In the 1972 film version of James Dickey's novel Deliverance, four businessmen from Atlanta, Georgia, join together to experience a canoeing adventure down a river in the North Georgian wilderness that will soon be dammed. This trip is to be a back-to-nature,male-bonding, spiritually reviving experience.
With Lewis, who is a bona fide outdoorsman, as the leader who exudes confidence, the men feel assured that they will enjoy themselves.The others are not so experienced. Lewis is the strongest and most predatory of the men; he thrives on mastering new challenges. He has no qualms about killing the mountain man that rapes Bobby.
Ed is a more sophisticated man, an artist, who is the director of an advertising agency. Often surrounded by women, Ed does not contemplate the more male-based thoughts of Lewis. But, his experience with death in the woods changes him; he feels that he can cope with almost anything even though he fears that someone is coming for him whenever he hears a car outside.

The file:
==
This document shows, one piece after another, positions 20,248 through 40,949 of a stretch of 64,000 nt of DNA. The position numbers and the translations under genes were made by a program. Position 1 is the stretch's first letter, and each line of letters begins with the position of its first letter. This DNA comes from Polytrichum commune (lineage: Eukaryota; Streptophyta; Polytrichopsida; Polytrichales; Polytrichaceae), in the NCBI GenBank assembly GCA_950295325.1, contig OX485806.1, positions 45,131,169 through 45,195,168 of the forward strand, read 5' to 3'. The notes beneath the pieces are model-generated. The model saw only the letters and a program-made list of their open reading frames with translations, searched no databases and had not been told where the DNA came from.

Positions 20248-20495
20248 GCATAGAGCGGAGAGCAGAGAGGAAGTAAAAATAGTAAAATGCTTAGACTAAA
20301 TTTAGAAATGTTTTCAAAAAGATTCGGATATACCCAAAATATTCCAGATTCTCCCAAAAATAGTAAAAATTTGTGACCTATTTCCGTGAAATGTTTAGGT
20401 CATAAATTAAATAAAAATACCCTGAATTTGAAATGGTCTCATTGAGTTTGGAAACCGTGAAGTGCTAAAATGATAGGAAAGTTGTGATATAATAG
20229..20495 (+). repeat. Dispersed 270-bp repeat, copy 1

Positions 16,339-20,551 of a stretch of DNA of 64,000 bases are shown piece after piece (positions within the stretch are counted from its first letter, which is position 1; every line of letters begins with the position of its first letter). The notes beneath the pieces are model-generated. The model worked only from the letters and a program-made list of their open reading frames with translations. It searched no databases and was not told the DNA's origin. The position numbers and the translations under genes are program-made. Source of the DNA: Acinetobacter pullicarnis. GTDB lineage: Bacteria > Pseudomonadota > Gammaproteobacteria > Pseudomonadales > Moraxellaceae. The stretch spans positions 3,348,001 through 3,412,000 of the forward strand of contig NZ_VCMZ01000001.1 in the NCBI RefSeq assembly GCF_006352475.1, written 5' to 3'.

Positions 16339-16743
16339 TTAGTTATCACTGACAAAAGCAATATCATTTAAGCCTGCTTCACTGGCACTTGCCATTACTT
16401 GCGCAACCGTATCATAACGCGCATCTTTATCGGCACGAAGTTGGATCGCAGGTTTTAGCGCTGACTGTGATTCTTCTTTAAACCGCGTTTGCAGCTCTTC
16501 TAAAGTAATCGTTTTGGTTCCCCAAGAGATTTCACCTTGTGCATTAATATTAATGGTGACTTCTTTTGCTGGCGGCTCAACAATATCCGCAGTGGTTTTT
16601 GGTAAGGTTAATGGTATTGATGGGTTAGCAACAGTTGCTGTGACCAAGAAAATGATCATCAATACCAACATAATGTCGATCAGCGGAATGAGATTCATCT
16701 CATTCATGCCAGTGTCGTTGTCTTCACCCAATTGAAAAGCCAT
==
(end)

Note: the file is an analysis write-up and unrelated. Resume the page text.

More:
Bobby is an insurance man who likes comfort and is the weakest of the men. He is non-physical, overweight, and out of shape. He attacks people verbally instead of physically. His encounter with the mountain man leaves him scarred and he tells the others, "I don't think I want to see you for a while." (In the novel, he moves away.) Since he wanted to bring liquor on the canoe trip, Bobby may take to drinking more after this experience.
Drew, a devoted family man, is the most considerate of the men; he is the antithesis of Lewis. No survivalist; he argues for going to the authorities after Lewis shoots the mountain man with an arrow. Tragically, he is killed in the turbulent waters as he may have been shot, or he may have received a fatal gash on the head when he falls from the boat.
The backwoods men portray degenerate, ignorant, and culturally deprived men who are easily insulted and enjoy dominating the strangers in a depraved manner.